Isn't this a lovely shot? It is a morning Sunrise in Kauai. We'd wake up every single morning before dawn (probably because we were still on East Coast Time). I'd make some Kona coffee & we'd both sit outside on the lanai & watch as the skies would turn pink & mauve. Chris got a brand new Sony camera that takes panorama pictures. On this morning, while I was getting ready for a early morning excursion, he walked down to the beach on the resort property and got this beautiful morning picture. Every morning was a surprise in explosive colors and got our blood humming and wanting us to get out and explore.
Along with the colorful Sunrise each morning, we were also awaken by the crowing of the many roosters all over the island. They were every where! Chickens on the beach, chickens along the side of the road, chickens at the top of the mountains. When we took a boat ride up the Napoli coast, Captain Bernard asked if we'd all take at least 10 home with us. So we were wondering what was it with the chickens. Was it some Hawaiian thing we didn't understand? Nope, here is the answer. Hurricane Iniki hit the south of the island on September 11th, 1992:
Hurricane Iniki made landfall on the south-central portion of Kauaʻi island, bringing its dangerous inner core to the entire island. Upon making landfall the hurricane produced storm tides of 4.5–6 feet (1.4–1.8 m), with some portions of the coastlines having high water marks of up to 18 feet (5.5 m). In addition, strong waves of up to 35 feet (10.5 m) in height crashed along the southern coastline for several hours, causing a debris line of more than 800 feet (250 m) inland. Because it moved quickly through the island, there were no reports of significant rainfall.
Hurricane Iniki's making landfall during daylight hours, combined with the popularity of camcorders, led many Kauaʻi residents to record much of the damage as it was occurring. The footage was later used to create an hour-long video documentary.
Hurricane Iniki's high winds caused extensive damage in Kauaʻi. 1,421 houses were completely destroyed, and 63 were lost from the storm surge and wave action. 5,152 homes were severely damaged, while 7,178 received minor damage. On the south coast, hotels and condominiums received severe damage as well. A few were restored quickly, though some took several years to be rebuilt. One hotel—the Coco Palms Resort famous for Elvis Presley's Blue Hawaii—never reopened after the hurricane. Destroyed housing across the island left more than 7,000 people homeless after the storm's passage.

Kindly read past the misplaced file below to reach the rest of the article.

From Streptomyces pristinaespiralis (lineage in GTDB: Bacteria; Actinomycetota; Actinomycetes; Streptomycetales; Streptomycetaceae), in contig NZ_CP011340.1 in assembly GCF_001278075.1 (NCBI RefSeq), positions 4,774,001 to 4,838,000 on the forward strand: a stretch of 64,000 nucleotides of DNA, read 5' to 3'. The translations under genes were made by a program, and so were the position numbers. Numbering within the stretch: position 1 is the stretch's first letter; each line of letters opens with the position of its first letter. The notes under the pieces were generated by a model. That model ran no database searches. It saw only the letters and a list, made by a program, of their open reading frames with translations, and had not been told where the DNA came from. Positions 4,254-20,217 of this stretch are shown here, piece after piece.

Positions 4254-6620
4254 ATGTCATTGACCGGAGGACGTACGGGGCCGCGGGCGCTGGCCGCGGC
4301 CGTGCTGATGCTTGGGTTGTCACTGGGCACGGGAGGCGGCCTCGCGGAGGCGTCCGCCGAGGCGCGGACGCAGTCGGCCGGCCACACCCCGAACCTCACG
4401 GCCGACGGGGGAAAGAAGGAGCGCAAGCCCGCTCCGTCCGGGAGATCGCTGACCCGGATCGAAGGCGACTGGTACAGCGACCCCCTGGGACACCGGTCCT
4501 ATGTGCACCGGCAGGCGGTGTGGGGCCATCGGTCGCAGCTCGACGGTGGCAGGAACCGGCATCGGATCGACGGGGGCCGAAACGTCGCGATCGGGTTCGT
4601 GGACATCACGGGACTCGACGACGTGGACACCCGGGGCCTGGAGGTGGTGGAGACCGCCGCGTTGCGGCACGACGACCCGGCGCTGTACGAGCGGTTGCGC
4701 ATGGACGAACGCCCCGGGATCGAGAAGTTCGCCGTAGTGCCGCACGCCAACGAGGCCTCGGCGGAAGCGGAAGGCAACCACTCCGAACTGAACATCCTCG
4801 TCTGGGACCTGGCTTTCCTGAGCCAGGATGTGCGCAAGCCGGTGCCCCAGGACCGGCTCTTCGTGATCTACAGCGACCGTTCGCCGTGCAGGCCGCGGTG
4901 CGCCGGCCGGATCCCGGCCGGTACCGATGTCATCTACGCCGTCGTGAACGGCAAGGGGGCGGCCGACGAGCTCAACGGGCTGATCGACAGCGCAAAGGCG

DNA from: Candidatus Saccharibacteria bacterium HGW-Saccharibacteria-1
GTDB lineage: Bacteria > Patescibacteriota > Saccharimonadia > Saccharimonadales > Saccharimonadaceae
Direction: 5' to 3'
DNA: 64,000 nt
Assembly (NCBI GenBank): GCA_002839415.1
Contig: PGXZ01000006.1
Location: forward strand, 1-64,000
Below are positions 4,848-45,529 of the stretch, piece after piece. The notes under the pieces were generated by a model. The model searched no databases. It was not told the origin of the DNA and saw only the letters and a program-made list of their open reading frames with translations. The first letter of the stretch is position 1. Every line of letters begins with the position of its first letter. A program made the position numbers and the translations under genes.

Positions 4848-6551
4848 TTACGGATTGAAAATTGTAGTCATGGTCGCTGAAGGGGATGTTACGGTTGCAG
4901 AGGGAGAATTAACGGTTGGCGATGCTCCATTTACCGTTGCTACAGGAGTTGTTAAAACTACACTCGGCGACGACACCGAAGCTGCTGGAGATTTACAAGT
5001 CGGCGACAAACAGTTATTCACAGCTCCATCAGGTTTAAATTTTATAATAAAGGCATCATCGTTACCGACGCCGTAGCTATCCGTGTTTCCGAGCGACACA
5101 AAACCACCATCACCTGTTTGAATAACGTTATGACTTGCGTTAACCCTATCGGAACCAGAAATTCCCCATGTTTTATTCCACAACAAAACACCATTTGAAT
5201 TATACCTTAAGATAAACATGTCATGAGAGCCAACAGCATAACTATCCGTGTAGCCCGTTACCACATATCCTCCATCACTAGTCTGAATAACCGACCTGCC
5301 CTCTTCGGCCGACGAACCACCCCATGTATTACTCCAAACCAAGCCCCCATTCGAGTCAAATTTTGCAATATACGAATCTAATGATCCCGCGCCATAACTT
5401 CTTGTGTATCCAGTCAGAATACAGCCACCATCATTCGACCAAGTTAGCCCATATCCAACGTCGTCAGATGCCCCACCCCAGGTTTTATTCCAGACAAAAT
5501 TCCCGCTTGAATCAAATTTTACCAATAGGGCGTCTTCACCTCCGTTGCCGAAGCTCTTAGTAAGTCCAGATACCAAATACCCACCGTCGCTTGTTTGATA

Iniki's Category 4 winds also downed 26.5% of the island's transmission poles, 37% of its distribution poles, and 35% of its 800 mile (1300 km) distribution wire system. The entire island lacked electricity and television service for an extended period of time. Electric companies restored only 20% of the island's power service within four weeks of Iniki, while other areas were without power for up to three months. Also affected by the storm was the agricultural sector. Though much of the sugar cane was already harvested, what was left was severely damaged. The winds destroyed tender tropical plants like bananas and papayas and uprooted or damaged fruit and nut trees.___________________
Because of Iniki, chicken coops all over the island were knocked down & the chickens had not been recaptured. Therefore, they went out and populated the whole island with wild chickens. So chickens abound every where & you could hear the roaster all the time screaming out. We'd read about people complaining that they couldn't sleep because of these roosters, but didn't bother us as we were up before they were. I guess this once it was helpful to still be on Ohio time. But they were interesting to watch as I'd never see wild chickens before. Some were very aggressive if you even walked near them. They did know how to keep out of the way of cars! Or maybe drivers were just afraid of them!